Bihar Development Trust incubates businesses across verticals, some of them being microfinance, Madhubani paitings, Makhana,
handicrafts, sattu (a delicious gram flour very popular in Bihar), tourism, rural electricity, sugar, carbon trading and much more. With a seed capital of Rs. 10 lakh, Chandra's Bihar Development Trust is set to turn around the economy of the state and restore to its people faith in their own land.
Why an entrepreneur? Why didn't you pursue a regular job?
I don't think I could ever fit in a regular job. Besides, Bihar needs young, qualified, professionals like us who have a vision to make it a developed state.
Can you tell our reader something about the starting years? What were some of the challenges you faced as an amateur entrepreneur?
Bihar Development Trust did not have the most flying start. My family did not support my endeavours and the society felt that I had found a scheme to embezzle people. My friends from IRMA, Manipal and Bihar supported me completely though. Several times, when I did not have money, I have slept on platforms.Even today, my meals are often sponsored by my friends. Unfortunately, Bihar Development Trust is not sustainable yet.
What was the turning point in your business?
There have been so many turning points in the development of the Bihar Development Trust. We got our first loan in Oct 2007 and our first funding in December 2007. Crossing the Rs.1,00,000 disbursement milestone, and the 100th and 500th borrowers' milestones have all been turning points as we inch toward our goal.
Did at any point you felt like giving up and getting back to taking a regular job?
In September 2008, I was very sick for an extended period of time. In October, I became financially bankrupt and began to seek part time assignments. Yet, I never thought of giving up. I knew BDT was going to survive the storm - I kept it going albeit slowly while I recovered physically and financially. Soon after, I managed to raise Rs.400000 in loan and new projects fell in place.
What drives you?
For years, the desire to restore the pride of Bihar among the people of the world has driven me to set higher goals and exceed them. I want to create a TATA-like enterprise owned by the people of Bihar. I am hurt and enraged when someone uses 'Bihari' as a swear word. There is neither any knowledge nor any appreciation in India for Bihar's contribution in the development of the country.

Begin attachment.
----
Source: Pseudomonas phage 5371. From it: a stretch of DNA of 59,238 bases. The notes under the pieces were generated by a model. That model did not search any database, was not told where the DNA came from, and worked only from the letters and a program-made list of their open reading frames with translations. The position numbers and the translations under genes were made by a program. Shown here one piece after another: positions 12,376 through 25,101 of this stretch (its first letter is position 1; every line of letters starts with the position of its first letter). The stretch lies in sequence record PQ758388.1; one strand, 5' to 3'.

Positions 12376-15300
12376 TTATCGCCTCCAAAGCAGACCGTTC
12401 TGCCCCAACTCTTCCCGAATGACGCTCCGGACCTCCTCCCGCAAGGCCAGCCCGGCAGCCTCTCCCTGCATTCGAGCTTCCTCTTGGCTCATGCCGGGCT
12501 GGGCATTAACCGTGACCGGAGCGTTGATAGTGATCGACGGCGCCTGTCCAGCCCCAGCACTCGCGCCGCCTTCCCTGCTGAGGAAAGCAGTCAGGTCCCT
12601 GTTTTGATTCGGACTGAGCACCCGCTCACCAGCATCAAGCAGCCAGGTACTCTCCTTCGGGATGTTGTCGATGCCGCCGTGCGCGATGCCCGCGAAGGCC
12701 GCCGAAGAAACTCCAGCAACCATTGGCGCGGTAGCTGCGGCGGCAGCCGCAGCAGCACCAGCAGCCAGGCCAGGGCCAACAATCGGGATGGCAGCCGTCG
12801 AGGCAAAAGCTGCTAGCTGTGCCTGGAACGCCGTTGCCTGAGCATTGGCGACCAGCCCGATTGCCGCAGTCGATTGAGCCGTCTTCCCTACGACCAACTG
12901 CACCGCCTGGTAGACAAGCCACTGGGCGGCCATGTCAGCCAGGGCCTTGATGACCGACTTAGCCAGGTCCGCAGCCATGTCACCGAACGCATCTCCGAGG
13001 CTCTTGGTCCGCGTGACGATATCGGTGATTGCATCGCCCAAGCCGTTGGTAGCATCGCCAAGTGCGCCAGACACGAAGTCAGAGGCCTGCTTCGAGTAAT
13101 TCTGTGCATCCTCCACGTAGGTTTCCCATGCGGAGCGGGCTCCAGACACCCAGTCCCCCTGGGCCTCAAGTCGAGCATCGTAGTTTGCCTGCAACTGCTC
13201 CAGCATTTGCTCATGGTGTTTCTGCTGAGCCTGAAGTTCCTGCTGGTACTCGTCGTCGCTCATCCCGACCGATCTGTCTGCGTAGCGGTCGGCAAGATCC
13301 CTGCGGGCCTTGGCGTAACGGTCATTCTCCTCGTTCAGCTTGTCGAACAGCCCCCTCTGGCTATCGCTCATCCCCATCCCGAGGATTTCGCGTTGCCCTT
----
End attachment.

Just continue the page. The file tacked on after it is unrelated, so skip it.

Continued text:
Who is your inspirationand role model?
Dhirubhai Ambani, and the protagonists of Ayn Rand's classic novels - Atlas Shrugged and Fountainhead- are my inspiration and role model.
Can you explain your business model - the differentiators of your business, the business model, how do you plan to scale-up?
There is really no differentiator. Many other people across the country, and in other countries are doing the same thing we are. The Grameen model has been replicated across 150 countries. The AMUL model has been replicated across different Indian states. We think there is space for another AMUL and Grameen in Bihar, and the onus lies on us to make it happen. I believe that successful execution of the proven model is the key differentiator. In fact, Bihar needs many more similar projects to lend a hand in its upliftment.
What is your vision for Bihar Development Trust?
My vision is to see BDT grow into a 20 billion dollar enterprise by 2020 and change the landscape of the presently impoverished state.
What are the major requirements for the growth of Bihar Development Trust?
We need 30 leaders to drive our programs, 10000 committed partners and loans for various verticals such as microfinance, silk, dairy and other enterprises.
Do you have sterling tips to share with budding entrepreneurs?
As an entrepreneur, one has to fight not just against the pessimists of the world and people who try to pull you down, but also the doubts and fears within oneself. With faith in yourself and undying perseverance, the smart entrepreneur can overcome all difficulties.